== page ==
“Judge Douglas charges me with being in favor of Negro equality, and to the extent that he charges I am not guilty. I am guilty of hating servitude and loving freedom; and while I would not carry the equality of the races to the extent charged by my adversary, I am happy to confess before you that in some things the black man is the equal of the white man. In the right to eat the bread his own hands have earned, he is the equal of Judge Douglas or any other living man.”
When Lincoln spoke the last sentence he had lifted himself to his full height, and as he reached his hands toward the stars of that still night, then and there fell from his lips one of the most sublime expressions of American statesmanship. The effect was grand, the cheers tremendous. After the meeting his friends congratulated him on the beauty of the thought, and Mr. Lincoln said:
“Do you think that is fine?” When assured it was, he laughingly added: “Well, if you think so, I will get that off again.”5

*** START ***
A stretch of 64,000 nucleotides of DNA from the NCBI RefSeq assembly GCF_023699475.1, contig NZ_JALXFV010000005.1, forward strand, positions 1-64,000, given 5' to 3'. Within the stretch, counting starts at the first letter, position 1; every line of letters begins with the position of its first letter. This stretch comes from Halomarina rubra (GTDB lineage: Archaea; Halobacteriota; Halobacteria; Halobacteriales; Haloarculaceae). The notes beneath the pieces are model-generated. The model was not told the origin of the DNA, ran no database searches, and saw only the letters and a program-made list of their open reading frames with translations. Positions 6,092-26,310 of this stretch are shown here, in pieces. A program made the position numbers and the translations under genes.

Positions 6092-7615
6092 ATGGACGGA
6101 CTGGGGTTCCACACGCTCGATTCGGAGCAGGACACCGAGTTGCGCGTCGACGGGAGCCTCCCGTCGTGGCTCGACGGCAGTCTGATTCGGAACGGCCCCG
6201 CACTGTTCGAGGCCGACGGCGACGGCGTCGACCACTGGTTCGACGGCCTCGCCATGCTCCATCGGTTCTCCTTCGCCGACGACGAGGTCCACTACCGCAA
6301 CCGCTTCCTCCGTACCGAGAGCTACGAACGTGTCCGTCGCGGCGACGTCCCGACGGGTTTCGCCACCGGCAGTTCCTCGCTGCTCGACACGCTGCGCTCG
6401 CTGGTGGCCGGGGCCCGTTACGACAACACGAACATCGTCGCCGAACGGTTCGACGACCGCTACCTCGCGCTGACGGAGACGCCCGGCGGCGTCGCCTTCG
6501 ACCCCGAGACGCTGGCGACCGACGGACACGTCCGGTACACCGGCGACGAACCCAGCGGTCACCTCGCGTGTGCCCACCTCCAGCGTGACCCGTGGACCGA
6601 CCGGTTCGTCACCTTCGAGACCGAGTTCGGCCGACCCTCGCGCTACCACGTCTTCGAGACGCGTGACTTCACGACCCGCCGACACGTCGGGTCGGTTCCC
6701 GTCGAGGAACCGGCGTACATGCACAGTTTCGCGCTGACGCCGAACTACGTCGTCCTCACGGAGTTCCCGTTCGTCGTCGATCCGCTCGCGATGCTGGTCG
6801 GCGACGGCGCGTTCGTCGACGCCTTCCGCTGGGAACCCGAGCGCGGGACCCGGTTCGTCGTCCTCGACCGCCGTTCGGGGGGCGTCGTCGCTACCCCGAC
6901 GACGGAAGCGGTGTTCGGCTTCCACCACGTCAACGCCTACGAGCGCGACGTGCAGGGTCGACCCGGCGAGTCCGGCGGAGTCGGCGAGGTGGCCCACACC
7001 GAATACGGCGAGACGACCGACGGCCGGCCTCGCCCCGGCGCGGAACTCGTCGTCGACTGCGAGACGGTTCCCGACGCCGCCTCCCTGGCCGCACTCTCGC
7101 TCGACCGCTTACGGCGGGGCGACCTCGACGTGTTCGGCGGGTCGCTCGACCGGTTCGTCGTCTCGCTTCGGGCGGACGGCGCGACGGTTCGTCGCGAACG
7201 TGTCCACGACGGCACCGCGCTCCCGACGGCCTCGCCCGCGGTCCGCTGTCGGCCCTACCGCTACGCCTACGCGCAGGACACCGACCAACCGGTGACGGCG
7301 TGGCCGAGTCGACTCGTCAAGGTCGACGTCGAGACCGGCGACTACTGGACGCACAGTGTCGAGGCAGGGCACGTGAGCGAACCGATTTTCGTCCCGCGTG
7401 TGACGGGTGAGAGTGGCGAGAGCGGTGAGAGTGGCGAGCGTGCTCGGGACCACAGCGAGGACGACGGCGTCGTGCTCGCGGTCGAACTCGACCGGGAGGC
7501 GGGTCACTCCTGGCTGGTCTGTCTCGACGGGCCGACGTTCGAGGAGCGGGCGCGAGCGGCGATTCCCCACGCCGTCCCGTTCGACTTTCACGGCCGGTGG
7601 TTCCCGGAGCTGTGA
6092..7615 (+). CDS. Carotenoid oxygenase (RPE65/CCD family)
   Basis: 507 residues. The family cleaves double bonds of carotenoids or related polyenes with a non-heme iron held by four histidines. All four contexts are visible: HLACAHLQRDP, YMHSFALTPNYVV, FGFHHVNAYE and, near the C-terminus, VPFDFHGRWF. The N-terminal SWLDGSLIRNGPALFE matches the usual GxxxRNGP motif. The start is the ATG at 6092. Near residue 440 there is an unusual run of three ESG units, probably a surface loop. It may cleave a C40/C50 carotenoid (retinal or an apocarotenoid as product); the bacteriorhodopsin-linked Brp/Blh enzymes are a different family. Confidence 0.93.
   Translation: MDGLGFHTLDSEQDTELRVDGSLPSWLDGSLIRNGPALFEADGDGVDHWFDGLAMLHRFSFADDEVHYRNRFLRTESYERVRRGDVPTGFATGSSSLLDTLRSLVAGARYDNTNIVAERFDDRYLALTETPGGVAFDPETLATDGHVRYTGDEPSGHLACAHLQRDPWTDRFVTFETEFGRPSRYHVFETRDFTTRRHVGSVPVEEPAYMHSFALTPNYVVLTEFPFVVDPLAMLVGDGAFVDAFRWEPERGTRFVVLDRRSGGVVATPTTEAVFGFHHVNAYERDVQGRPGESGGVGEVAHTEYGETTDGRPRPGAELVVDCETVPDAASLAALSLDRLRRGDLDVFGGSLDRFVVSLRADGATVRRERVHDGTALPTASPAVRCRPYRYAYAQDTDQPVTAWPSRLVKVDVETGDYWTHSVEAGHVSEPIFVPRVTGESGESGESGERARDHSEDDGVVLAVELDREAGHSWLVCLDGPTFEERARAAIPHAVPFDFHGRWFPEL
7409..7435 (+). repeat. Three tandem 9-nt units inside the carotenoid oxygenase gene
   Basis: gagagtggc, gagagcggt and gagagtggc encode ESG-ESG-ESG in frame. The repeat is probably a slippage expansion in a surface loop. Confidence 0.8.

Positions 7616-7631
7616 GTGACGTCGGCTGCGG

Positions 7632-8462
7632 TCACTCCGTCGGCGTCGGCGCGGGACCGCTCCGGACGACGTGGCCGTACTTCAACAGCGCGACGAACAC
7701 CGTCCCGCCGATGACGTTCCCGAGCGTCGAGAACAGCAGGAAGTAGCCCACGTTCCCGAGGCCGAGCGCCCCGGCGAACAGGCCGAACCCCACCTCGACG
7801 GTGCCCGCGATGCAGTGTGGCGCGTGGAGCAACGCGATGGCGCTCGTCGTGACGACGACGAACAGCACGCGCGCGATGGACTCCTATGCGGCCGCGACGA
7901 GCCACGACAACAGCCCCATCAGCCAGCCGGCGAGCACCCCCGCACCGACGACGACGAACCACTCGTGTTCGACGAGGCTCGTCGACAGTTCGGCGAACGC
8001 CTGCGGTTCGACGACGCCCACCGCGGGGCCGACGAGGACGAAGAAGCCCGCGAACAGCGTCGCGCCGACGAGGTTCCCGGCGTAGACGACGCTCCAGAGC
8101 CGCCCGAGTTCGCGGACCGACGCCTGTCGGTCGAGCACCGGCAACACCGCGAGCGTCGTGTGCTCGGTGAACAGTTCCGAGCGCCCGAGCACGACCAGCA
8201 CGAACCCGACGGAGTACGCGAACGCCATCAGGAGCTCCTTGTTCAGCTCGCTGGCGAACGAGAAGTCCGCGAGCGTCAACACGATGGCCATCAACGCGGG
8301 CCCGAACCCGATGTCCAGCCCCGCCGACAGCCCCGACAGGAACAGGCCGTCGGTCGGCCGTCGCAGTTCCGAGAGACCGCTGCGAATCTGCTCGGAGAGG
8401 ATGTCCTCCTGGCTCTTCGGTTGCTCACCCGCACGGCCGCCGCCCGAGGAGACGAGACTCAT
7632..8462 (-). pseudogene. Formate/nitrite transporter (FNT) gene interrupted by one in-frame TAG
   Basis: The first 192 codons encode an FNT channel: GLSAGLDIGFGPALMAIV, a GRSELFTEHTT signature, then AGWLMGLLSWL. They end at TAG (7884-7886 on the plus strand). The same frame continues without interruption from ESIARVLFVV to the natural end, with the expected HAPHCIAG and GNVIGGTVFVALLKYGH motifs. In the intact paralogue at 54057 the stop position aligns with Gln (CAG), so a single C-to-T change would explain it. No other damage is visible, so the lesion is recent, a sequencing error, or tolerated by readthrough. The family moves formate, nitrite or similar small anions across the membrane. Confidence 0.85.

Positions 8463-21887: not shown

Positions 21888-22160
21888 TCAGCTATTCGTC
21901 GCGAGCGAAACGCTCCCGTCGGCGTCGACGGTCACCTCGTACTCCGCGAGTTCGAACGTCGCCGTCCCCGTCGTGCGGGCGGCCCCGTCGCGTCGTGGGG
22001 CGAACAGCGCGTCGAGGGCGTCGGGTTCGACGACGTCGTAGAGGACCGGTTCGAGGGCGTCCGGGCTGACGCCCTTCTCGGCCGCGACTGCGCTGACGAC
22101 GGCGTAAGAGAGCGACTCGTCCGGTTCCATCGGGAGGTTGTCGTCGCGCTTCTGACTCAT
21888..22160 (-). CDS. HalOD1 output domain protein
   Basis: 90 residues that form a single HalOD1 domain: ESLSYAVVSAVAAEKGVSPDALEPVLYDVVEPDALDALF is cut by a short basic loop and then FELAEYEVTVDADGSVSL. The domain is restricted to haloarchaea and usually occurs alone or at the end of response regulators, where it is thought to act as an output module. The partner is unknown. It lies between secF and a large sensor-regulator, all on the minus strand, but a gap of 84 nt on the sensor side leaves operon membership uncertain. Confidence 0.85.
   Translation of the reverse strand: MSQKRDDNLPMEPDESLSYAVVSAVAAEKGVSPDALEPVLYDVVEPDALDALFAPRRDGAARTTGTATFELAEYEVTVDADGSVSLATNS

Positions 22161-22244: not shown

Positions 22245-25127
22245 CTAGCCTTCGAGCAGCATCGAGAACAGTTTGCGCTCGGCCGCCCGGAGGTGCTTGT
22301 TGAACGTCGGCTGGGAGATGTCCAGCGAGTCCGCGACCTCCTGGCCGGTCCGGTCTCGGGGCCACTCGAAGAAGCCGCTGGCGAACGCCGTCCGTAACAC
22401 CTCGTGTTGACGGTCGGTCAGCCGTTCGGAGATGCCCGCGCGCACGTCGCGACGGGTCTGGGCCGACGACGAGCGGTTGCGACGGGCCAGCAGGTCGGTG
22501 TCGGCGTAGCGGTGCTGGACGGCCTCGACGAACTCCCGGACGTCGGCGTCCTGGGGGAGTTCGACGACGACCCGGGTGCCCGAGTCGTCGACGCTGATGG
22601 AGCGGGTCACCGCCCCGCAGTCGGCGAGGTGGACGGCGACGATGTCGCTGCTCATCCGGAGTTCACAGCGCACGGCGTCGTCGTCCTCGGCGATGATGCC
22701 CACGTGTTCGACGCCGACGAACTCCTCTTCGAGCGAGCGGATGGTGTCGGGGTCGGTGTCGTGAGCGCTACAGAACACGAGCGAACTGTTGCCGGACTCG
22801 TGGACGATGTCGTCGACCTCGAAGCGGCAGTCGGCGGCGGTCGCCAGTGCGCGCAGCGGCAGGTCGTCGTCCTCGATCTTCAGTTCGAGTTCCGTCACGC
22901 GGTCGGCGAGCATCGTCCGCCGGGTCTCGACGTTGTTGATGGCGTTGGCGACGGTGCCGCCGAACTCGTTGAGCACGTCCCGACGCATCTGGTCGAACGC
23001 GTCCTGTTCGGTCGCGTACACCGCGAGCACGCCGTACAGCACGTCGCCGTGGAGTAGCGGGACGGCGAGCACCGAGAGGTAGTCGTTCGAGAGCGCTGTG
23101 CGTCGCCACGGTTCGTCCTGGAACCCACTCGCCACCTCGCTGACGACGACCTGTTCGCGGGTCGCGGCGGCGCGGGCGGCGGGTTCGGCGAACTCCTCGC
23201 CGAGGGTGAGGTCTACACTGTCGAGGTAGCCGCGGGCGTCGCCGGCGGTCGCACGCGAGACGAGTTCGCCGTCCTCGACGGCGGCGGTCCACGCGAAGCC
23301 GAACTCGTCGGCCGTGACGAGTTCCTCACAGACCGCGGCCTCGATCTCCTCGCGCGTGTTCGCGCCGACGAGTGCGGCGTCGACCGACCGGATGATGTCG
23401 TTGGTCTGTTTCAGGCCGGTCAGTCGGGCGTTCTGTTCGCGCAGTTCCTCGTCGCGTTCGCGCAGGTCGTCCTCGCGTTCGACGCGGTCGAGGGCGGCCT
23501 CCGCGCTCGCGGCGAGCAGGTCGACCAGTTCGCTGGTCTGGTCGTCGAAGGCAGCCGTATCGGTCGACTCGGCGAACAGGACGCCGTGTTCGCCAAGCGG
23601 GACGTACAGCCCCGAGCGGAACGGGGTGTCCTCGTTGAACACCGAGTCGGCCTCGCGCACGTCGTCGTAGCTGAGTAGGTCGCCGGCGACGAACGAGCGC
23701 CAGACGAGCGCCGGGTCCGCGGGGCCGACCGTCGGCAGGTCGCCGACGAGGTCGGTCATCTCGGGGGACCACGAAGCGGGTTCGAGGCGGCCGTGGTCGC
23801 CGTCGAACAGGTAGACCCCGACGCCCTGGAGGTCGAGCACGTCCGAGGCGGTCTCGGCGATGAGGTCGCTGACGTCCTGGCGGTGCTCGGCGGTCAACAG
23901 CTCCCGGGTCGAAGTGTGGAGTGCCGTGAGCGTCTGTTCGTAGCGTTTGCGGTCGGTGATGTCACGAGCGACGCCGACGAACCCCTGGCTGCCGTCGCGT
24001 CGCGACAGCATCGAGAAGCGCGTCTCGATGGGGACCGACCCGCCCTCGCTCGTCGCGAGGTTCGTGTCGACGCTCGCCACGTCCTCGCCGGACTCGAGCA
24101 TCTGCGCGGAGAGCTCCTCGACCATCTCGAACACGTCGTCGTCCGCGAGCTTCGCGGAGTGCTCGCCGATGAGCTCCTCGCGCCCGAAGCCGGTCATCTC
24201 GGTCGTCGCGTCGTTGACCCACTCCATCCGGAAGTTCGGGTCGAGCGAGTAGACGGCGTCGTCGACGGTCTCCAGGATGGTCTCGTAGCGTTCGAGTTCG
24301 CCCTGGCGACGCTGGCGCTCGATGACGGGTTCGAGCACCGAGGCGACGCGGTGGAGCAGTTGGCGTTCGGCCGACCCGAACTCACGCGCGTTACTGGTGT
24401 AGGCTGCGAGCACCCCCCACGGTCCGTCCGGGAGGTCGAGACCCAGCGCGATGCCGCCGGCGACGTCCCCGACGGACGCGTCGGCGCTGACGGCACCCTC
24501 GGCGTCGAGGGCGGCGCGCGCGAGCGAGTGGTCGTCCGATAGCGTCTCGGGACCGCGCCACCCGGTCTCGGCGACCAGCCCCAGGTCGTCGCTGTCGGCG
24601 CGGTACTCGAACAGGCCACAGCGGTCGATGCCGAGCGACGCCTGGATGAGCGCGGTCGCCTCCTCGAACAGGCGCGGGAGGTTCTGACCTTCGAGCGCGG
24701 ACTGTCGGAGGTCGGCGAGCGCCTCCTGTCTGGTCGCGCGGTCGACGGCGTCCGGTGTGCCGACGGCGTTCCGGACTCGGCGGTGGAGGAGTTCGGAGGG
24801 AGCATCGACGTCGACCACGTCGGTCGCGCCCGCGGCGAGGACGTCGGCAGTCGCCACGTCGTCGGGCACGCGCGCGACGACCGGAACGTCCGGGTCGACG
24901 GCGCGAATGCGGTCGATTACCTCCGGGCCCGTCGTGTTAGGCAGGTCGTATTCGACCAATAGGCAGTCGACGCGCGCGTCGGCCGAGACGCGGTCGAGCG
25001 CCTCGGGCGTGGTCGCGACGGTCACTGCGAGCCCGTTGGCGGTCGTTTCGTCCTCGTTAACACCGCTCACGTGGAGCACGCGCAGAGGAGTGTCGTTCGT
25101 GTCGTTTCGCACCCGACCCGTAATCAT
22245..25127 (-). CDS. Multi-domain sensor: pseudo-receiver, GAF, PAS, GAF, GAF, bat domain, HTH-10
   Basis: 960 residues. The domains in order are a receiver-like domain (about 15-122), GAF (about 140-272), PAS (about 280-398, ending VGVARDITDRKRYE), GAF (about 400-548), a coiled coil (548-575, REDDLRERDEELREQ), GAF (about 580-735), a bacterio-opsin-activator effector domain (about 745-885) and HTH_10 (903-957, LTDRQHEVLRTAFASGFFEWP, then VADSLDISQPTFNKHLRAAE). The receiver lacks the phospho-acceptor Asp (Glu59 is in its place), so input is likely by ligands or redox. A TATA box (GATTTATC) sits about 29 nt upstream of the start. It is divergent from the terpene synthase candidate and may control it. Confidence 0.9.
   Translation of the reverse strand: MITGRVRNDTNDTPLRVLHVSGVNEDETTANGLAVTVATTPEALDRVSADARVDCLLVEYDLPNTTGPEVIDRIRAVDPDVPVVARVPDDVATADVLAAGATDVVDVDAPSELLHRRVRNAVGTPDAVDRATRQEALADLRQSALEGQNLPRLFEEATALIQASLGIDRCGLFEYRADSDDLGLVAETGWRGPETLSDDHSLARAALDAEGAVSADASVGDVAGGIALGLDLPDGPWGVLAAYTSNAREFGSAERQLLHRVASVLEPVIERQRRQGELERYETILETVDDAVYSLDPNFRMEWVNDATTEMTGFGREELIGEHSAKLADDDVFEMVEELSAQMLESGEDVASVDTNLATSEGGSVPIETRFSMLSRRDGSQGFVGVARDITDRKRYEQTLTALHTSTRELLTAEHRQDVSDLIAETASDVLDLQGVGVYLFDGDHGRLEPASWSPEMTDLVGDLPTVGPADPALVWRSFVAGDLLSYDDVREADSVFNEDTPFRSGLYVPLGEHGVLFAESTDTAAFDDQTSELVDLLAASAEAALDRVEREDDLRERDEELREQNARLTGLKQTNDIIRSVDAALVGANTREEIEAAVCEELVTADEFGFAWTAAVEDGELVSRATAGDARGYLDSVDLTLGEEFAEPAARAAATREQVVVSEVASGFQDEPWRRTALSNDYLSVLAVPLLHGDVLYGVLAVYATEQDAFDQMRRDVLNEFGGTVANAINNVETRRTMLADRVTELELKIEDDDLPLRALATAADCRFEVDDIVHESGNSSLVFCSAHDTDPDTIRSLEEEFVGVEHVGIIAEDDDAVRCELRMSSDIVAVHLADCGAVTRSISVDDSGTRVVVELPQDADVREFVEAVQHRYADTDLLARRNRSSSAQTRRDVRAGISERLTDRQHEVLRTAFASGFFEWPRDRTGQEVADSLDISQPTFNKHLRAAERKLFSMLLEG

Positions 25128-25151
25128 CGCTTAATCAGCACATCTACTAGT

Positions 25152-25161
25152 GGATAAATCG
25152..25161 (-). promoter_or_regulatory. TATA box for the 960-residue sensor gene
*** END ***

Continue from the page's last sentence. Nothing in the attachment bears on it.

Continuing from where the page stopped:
The young Clinton attorney had first met the distinguished Springfield lawyer in September 1854. “In 1854, Judge Stephen A. Douglas came to Bloomington to make a speech defending the principles of the Kansas-Nebraska Bill,” recalled James S. Ewing. “Judge Lawrence Weldon, who was then a young lawyer at Clinton, and who had come up to hear the speech, went with Mr. Stevenson and myself to call upon and pay our respects to the “Little Giant.” We were presented to Judge Douglas by Mr. Amzi McWilliams, then a prominent Democratic lawyer of this city. After we had been in Mr. Douglas* room a few minutes, Mr. Lincoln came in, and the Senator and he greeted each other most cordially as old friends, and then Mr. Douglas introduced Mr. Lincoln to Judge Weldon. He said: “Mr. Lincoln, I want to introduce you to Mr. Weldon, a young lawyer who has come to Illinois from Ohio, and has located at Clinton.” Mr. Lincoln said: ‘Well, I am glad of that; I go to Clinton sometimes myself, and we will get acquainted.’ This was the beginning of an acquaintance which ripened into a strong friendship and which, founded on mutual admiration and respect, grew and strengthened as the years passed, and ended only in death. They met again at Clinton; a sort of local partnership was formed; they tried law suits and rode the circuit together. Judge Weldon was the active promoter of Mr. Lincoln s political interests, and was an elector in the campaign of 1860. I doubt if any man living knew Mr. Lincoln better, or had in a greater degree his confidence, than our distinguished friend and citizen, Judge Lawrence Weldon.”6